Charles Goulding and Andressa Bonafe of R&D Tax Savers discuss innovations in 3D printing with glass.
The rapid expansion of 3D printing materials has enabled previously unimaginable applications. Recent developments combine additive manufacturing capabilities with the strength, transparency, and chemical stability of glass. Major technical advancements now open the way for innovative uses in design and architecture, photonics, and biomedical devices.
Researchers at MIT developed an additive manufacturing platform for architectural-scale 3D printed glass. The ground-breaking system combines a digitally integrated three-zone thermal control system with four-axis motion control. It allows for industrial-scale production with increased rate and reliability while ensuring product accuracy and repeatability at unprecedented levels. Capable of producing clear glass structures, the system opens the way for an array of architectural and decorative applications.
Art and Architecture
As glass 3D printing capabilities expand, innovative applications in art, design, and architecture emerge. Aiming to promote biodiversity, Neri Oxman and the Mediated Matter Group at MIT created a series of 3D printed glass columns infused with liquid melanin.
Researchers at the Université Laval in Canada have pioneered the use of chalcogenide glass in additive manufacturing. This technical breakthrough required a significant increase in the maximum extruding temperature of the 3D printer, due to chalcogenide glass’ unique transition temperature. The material demonstrates optical transparency in mid-infrared range and could allow for the production of components and optical fibers for low-cost sensors, telecommunications equipment, and biomedical devices. By enabling complex designs and geometries that were previously unattainable with conventional methods, 3D printing paves the way for a new era in the production of photonic components and fibers.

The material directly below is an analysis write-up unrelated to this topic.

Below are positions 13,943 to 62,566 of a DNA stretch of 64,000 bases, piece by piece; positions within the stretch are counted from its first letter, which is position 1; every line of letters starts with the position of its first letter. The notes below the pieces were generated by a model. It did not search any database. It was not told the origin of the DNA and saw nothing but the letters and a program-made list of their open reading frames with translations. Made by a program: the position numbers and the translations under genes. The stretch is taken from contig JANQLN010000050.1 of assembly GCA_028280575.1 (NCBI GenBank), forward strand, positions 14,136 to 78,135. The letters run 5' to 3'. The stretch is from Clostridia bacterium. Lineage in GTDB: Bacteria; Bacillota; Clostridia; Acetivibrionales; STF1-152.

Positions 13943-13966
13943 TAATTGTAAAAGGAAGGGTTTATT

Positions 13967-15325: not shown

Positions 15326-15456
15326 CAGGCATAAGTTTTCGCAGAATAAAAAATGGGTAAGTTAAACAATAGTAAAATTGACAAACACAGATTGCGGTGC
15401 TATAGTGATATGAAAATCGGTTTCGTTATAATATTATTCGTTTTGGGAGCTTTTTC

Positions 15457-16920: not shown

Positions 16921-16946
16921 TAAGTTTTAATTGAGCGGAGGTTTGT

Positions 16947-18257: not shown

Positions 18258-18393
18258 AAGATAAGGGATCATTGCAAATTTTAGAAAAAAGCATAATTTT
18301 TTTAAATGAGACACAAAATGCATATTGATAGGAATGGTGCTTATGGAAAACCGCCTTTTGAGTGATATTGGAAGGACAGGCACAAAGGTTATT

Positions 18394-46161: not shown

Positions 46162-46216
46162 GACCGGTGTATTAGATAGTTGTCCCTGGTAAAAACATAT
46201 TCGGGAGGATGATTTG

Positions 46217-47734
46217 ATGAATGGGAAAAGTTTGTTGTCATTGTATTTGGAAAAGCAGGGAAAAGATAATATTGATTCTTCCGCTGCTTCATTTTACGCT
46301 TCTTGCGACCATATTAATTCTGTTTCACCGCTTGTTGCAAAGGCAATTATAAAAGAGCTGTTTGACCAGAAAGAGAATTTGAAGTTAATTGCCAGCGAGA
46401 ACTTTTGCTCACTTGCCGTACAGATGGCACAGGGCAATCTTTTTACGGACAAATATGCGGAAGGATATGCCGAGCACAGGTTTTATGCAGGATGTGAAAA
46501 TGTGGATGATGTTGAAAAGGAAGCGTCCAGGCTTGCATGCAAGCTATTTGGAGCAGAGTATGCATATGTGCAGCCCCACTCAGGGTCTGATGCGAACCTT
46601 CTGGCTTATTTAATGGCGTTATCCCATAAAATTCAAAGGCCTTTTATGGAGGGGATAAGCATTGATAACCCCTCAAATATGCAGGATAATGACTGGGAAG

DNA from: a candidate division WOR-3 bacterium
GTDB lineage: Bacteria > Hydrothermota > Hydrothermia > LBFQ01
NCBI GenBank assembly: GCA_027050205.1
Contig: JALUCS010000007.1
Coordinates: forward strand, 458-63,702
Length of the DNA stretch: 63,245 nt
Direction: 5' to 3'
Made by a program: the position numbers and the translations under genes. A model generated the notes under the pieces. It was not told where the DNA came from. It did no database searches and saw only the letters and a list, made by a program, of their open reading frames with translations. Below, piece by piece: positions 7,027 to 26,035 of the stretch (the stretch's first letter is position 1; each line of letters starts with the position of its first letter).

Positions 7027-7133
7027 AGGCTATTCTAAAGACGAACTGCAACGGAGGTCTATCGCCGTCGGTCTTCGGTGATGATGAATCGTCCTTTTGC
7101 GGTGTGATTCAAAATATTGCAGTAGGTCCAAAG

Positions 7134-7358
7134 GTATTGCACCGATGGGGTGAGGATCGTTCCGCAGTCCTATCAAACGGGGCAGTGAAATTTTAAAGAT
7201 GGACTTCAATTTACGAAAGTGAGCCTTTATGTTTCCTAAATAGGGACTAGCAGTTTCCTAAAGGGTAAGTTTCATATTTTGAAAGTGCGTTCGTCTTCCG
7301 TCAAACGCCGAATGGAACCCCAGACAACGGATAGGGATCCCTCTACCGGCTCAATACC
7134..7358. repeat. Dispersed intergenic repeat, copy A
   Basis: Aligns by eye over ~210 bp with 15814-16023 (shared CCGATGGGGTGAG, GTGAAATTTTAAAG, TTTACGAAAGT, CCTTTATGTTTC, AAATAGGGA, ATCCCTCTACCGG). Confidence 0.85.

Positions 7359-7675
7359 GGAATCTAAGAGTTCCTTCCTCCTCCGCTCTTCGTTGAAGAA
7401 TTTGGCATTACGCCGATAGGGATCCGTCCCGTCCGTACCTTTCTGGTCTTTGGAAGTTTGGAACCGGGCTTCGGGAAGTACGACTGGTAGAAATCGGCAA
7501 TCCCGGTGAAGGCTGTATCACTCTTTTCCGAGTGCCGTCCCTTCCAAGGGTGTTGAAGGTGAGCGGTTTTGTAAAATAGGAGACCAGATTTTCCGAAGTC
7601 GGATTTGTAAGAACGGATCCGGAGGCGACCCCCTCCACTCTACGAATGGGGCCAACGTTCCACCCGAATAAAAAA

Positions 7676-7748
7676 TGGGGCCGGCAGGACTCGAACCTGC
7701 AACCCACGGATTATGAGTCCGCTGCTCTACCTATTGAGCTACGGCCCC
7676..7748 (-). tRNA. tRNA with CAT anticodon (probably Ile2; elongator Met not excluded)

A group of researchers at the Eindhoven University of Technology in the Netherlands have used 3D printing to mimic complex microvascular structures. Among other materials, the team has been experimenting with self-supporting carbohydrate glass, which has shown great promise for the creation of minuscule diameters and intricate network architectures. Even though thermal control remains a challenge, the combination of carbohydrate glass and additive manufacturing could allow for significant advancements in microfabrication of biomedical devices.
The Research & Development Tax Credit
Enacted in 1981, the now permanent Federal Research and Development (R&D) Tax Credit allows a credit that typically ranges from 4%-7% of eligible spending for new and improved products and processes. Qualified research must meet the following four criteria:
Must be technological in nature
Must be a component of the taxpayer’s business
Must represent R&D in the experimental sense and generally includes all such costs related to the development or improvement of a product or process
Must eliminate uncertainty through a process of experimentation that considers one or more alternatives
Eligible costs include US employee wages, cost of supplies consumed in the R&D process, cost of pre-production testing, US contract research expenses, and certain costs associated with developing a patent.
On December 18, 2015, President Obama signed the PATH Act, making the R&D Tax Credit permanent. Since 2016, the R&D credit has been used to offset Alternative Minimum Tax (AMT) for companies with revenue below $50MM and, startup businesses can obtain up to $250,000 per year in payroll tax cash rebates.
Enhanced thermal and motion control have allowed for the creation of increasingly diverse 3D printed glass structures. Consequently, applications are found in a growing number of industries, from architecture to biomedicine. Companies engaged in such innovative uses of additive manufacture should take advantage of R&D tax credits.